Damn humidity and Florida rain.
I need to get my tools in shape for my Louisiana tour.
It’s always a battle with rust on carbon steel tools (the “black” bonsai tools you see for sale).
Now don’t get me wrong, you still need to clean and oil your stainless steel tools too.
For one thing, if you have carbon steel that’s making contact with stainless, the rust from the carbon will transfer over to the stainless. I think it has to do with negative and positive charges.
And often the sap from whatever you worked on last is acidic and could etch the metal.
On to it then.
Unfortunately for you all, this won’t be a sharpening tutorial but just a cleaning and oiling lesson.
Sharpening is a full post in itself.
First, I use a plastic bristled brush (like a toothbrush) to remove all the dirt and dust etc.
Then I break out the synthetic steel wool.
Synthetic steel wool has the abrasiveness of regular steel wool (which is very little) but it won’t rust. It’s like one of those green scotchbrite pads, but better.
For the really dirty areas, I use a sanding block that has abrasive material throughout the whole body of the block. Which means that, as you use it, the abrasiveness doesn’t wear out.
On the stainless tools only, and with dried ficus juice especially, I’ll use Magic Erasers. It’s like magic.
After cleaning, I’ll usually sharpen, but you don’t get to see that part yet, so now it’s oil.
I’ve researched the question of oil quite a bit.
What most bonsai people recommend (and sell) is this magical sounding stuff called “camellia oil”.
This is what I use.
What is camellia oil? It is an organic oil pressed from the camellia plant (the same plant we get tea from) and the reason it’s used is its ultra-fine viscosity and (because of the viscosity) its ability to bond with steel molecules and prevent rust.
It is also the traditional oil used for samurai swords.
As such, you would guess correctly that it is pricey (unless you buy it by the gallon).
Here’s the rub. You know the stuff I use? Because camellia oil is plant based, it has a tendency to spoil, to turn rancid and smelly, as it were. Modern day camellia oil is a mixture of the highly refined 3-in-1 oil and camellia oil, just enough to call it camellia oil and still keep it from spoiling.
They mix it, you see, because 3-in-1 oil is also ideal for bonding with steel.
Just like camellia oil.
Done with the tools.
The last bit of maintenance is on my tool roll.
I made it (with my wife’s help) out of canvas.
I prefer canvas to vinyl or leather because I can spray oil on it and not ruin it…..too much.
The reason I spray oil on my tool roll is to keep water out.
It’s kinda an old timey way of protecting tools, but I like it.
With my tools cleaned and all slippery….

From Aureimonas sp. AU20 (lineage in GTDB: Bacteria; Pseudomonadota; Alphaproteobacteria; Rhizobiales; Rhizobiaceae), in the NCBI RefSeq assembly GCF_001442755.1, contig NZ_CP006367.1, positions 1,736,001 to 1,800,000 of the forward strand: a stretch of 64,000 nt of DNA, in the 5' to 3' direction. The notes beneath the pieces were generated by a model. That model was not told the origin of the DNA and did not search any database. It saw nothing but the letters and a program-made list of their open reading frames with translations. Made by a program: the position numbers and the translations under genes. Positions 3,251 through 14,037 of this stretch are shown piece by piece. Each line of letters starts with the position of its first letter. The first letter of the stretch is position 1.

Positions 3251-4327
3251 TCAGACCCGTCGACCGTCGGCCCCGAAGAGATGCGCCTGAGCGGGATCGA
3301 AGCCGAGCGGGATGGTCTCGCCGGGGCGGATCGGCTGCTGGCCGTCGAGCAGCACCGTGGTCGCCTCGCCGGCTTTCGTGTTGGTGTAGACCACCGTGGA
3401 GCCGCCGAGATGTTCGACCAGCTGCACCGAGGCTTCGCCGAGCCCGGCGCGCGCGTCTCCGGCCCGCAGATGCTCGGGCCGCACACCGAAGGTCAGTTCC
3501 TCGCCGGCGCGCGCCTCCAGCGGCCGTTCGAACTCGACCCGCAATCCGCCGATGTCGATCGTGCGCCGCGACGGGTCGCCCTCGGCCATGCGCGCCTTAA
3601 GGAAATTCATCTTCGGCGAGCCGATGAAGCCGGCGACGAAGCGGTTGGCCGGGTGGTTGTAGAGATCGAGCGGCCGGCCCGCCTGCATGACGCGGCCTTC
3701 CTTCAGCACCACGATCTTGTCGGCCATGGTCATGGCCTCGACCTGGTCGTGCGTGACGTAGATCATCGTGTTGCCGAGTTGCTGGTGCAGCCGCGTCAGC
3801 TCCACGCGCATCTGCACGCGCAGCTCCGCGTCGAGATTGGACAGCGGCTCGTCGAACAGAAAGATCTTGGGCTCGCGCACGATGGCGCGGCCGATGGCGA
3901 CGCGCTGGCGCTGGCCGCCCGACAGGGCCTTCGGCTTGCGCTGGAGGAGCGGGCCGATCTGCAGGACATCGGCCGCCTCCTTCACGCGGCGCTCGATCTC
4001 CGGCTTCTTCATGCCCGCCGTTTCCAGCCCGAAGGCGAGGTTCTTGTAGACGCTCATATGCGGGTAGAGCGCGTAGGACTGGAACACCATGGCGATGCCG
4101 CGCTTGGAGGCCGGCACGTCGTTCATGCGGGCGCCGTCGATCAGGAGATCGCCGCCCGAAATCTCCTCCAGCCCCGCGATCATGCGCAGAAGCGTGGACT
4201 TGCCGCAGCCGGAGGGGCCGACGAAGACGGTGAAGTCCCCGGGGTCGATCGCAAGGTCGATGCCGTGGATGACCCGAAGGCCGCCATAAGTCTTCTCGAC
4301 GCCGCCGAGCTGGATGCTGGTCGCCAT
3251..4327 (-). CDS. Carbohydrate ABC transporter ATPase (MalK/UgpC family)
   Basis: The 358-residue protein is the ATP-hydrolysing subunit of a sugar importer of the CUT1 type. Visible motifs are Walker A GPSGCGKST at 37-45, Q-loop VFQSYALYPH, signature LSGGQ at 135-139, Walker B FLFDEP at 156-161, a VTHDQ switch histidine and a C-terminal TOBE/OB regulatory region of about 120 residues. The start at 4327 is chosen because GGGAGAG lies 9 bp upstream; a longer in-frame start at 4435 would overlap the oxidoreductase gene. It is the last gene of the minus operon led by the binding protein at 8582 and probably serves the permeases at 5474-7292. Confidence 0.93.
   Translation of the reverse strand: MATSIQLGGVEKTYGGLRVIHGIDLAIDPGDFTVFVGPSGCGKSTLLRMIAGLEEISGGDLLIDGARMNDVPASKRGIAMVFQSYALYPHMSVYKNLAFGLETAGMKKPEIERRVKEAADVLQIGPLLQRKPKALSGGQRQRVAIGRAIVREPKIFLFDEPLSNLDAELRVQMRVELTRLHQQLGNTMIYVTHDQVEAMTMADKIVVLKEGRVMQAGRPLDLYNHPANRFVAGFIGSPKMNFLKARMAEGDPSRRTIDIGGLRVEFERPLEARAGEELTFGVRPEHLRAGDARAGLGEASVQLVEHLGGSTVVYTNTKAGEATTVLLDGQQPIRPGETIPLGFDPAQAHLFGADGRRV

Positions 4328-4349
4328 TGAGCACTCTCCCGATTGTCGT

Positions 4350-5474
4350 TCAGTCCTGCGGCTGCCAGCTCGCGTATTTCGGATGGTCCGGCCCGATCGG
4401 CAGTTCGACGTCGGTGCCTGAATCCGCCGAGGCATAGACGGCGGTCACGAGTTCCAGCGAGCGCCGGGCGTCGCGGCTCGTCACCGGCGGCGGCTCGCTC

….I’m going to turn my attention to a Florida privet I’m carrying along as a visual aid for my stop at The Lake Charles club.
I’ve already applied lime sulphur to the carved portion and done a topiary trim.
Now I’m looking at it and just not liking what I see.
The reason I’m taking the tree on the Louisiana Tour is for the Lake Charles club to see what carving can do in making a somewhat average tree look a little better.
At the moment though, it still looks rather average.
There’s something that’s just not right.
Maybe I need to clean it out more?
No….still something not right
This is a good example of using the camera to spot flaws.
Can you see what I see?
How about now?
Of course you can’t see it now, I doodled it out.
This branch, which has been my nemesis the whole time I’ve been styling the tree, has to go.
A little tweak of the branching and….
Damn Florida sun, you can’t see it very well right now, let’s hope that the sun goes behind a cloud.
In the meantime, the light is good for some dramatic shots.
Imagine you are a hawk and you’re just about to land on the dead treetop.
Now that I think of it, the way we look at these trees if just the way a bird would see one.
Ah, the sun is behind a cloud!
Take the pic quick.
Now I’m ready to for my trip, except the hundred other things I have to get ready.
It’s Thursday night and I’m leaving at 6 am Friday morning; it’s not a bad journey, only 650 miles or so to my first stop, New Orleans . Yup, at this time tomorrow, I’ll be giving a demo for the New Orleans Bonsai Society.
Superb photos! Excellent advice!
I’ve always thought bonsai technique was an excellent melding of the inherent beauty of plants with the human desire to nurture things of beauty.
Aside from the great information and useful advice – the commentary (on Bonsai & life in general) keeps me eagerly awaiting the next blog. Keep up the good work!!
First rate Demo for the Greater New Orleans Bonsai Society on Neea, and workshop on the following day! We already look forward to your return visit! Thanks!